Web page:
Recreation fees on some federal lands quietly passed Congress in the recent 3,000-page appropriations bill, and the move has irked some editorial writers in the West.
“The proposal never received even one public hearing and was rammed into law by a congressman who has no public lands in his district,” the Denver Post wrote in an editorial Nov. 28. “It was lawmaking at its worst.”
The recreation fee program started as a demonstration project in the 1990s, the newspaper reported. Funding shortfalls had left federal land agencies unable to handle soaring recreation use.
As an experiment, Congress let the U.S. Forest Service, National Park Service, Bureau of Land Management and Fish and Wildlife Service collect fees on a few heavily used areas. The program then was expanded.
But, the Post argued in its editorial, the program was badly managed, causing a backlash. The Government Accountability Office found that the Forest Service used appropriated funds to shore up the recreation fee program, the opposite of what Congress intended.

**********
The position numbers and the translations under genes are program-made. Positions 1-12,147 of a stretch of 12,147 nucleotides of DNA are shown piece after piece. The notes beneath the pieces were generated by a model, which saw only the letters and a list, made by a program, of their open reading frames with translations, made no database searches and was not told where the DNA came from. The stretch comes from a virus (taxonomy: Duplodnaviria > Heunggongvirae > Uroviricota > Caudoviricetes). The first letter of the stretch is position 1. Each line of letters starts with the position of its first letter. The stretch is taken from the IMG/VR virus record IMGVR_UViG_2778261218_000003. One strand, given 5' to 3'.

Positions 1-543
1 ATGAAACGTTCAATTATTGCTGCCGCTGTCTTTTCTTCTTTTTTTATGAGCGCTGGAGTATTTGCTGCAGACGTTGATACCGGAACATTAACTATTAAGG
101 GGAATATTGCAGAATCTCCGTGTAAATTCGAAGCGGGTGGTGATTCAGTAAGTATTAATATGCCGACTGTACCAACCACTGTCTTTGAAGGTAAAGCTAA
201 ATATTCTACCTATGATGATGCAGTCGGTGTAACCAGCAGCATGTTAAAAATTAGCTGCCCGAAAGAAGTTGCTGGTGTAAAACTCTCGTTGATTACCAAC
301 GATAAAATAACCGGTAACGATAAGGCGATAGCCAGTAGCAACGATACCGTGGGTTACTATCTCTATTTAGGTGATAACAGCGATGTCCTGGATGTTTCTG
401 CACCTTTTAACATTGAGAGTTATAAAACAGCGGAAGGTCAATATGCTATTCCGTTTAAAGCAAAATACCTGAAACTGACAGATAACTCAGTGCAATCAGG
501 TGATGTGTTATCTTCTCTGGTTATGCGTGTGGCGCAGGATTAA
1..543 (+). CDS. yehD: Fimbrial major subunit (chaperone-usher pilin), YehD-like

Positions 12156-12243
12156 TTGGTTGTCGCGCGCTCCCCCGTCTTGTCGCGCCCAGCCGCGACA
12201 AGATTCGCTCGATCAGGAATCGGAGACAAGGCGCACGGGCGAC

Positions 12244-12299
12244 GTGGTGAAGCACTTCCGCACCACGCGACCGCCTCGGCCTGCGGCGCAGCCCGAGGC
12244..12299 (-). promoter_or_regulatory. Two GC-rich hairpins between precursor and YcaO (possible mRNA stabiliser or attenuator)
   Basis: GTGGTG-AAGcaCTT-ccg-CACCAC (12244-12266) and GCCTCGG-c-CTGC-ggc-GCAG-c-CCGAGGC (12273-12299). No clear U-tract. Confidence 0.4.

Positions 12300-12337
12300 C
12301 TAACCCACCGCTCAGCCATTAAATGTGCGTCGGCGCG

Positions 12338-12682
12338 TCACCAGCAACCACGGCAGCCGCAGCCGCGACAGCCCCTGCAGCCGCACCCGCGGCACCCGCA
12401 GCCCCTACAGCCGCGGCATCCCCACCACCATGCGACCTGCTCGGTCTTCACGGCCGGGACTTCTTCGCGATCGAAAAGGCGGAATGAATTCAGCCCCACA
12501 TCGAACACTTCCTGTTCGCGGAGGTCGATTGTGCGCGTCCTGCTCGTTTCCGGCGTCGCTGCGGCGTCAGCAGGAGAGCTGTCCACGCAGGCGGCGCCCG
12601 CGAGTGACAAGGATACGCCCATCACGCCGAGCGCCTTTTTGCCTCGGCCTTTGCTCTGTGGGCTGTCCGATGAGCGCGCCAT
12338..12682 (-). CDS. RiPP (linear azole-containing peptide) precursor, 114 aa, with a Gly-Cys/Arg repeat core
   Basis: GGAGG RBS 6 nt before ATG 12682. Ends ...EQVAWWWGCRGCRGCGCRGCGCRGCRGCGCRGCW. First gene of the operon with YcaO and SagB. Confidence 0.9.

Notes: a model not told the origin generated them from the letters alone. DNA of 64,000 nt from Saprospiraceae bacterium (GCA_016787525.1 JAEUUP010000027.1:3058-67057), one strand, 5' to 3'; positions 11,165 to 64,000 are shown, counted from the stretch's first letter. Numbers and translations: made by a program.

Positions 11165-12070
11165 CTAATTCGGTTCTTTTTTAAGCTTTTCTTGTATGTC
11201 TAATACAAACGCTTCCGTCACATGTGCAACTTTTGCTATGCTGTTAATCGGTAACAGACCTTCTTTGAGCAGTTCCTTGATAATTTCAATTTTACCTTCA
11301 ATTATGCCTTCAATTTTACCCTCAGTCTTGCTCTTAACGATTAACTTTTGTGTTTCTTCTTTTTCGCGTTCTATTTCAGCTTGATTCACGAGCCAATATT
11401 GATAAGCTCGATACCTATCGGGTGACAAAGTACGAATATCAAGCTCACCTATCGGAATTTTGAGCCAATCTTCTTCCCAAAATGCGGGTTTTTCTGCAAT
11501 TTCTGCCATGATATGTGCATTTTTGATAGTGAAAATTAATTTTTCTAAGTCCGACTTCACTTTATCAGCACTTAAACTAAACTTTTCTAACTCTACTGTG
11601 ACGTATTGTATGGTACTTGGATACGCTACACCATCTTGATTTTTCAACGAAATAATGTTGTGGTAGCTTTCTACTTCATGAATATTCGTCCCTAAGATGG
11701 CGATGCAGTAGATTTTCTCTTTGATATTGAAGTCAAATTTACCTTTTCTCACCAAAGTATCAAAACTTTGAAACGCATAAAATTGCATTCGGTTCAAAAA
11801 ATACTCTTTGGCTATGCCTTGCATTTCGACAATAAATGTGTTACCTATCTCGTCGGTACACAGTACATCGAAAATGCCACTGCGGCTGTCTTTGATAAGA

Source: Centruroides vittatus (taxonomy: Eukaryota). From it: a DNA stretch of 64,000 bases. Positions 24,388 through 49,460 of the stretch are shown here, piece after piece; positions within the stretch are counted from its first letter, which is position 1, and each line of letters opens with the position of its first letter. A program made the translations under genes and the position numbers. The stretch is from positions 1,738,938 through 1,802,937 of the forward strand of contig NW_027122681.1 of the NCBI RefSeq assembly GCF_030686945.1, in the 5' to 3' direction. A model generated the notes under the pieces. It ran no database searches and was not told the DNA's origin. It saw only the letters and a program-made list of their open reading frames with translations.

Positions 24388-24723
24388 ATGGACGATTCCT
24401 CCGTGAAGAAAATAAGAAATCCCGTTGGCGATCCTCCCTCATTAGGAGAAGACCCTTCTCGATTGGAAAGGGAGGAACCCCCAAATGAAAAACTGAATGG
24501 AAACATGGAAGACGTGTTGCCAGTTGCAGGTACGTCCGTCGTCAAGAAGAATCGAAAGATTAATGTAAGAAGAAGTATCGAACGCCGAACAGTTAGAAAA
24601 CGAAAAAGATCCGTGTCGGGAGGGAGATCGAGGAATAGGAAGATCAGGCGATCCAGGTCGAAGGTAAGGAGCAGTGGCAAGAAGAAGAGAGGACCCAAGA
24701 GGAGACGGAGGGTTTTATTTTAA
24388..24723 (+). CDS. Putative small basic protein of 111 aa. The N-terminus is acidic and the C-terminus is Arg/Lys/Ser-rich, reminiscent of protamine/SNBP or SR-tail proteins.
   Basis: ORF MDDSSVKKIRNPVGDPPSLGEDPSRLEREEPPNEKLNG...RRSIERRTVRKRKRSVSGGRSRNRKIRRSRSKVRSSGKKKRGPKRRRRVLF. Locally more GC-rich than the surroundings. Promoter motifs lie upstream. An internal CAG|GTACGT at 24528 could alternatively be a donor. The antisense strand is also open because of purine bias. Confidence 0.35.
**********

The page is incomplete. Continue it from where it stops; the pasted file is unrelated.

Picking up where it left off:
A “rider” allowing the agencies to charge recreation fees for the next decade was added to the appropriations bill by U.S. Rep. Ralph Regula, an Ohio Republican.
The measure, according to the Post editorial writers, doesn’t fix the program’s flaws.
“In fact, it ignores evidence that how the agencies have really run the fee program is very different from what they’ve told Congress they’ve done. For example, Regula’s amendment says that except for the National Parks, the agencies shouldn’t use the recreation fees as de facto access fees. Yet that’s exactly what the recreation fees have become – in Colorado for example, there’s no way to legally access Mount Evans without paying the fee.”
The newspaper also took issue with the penalties for not paying a recreation fee, calling the $5,000 fine and six months in jail “wildly out of proportion to the offense. By comparison, damaging a fragile wetland with an all-terrain vehicle nets just a $75 fine.”
A different approach was championed by U.S. Sen. Craig Thomas, a Wyoming Republican. His bill, unanimously approved by the Senate, would have kept the fee program just for the Park Service, “the only federal agency that could prove it has used the extra money wisely,” according to the Post editorial. “House Speaker Dennis Hastert figuratively slapped the Senate, because he never let Thomas’ bill see the light of day, but let Regula slip his rider into the budget bill.”
Thomas hopes to introduce his bill again next year.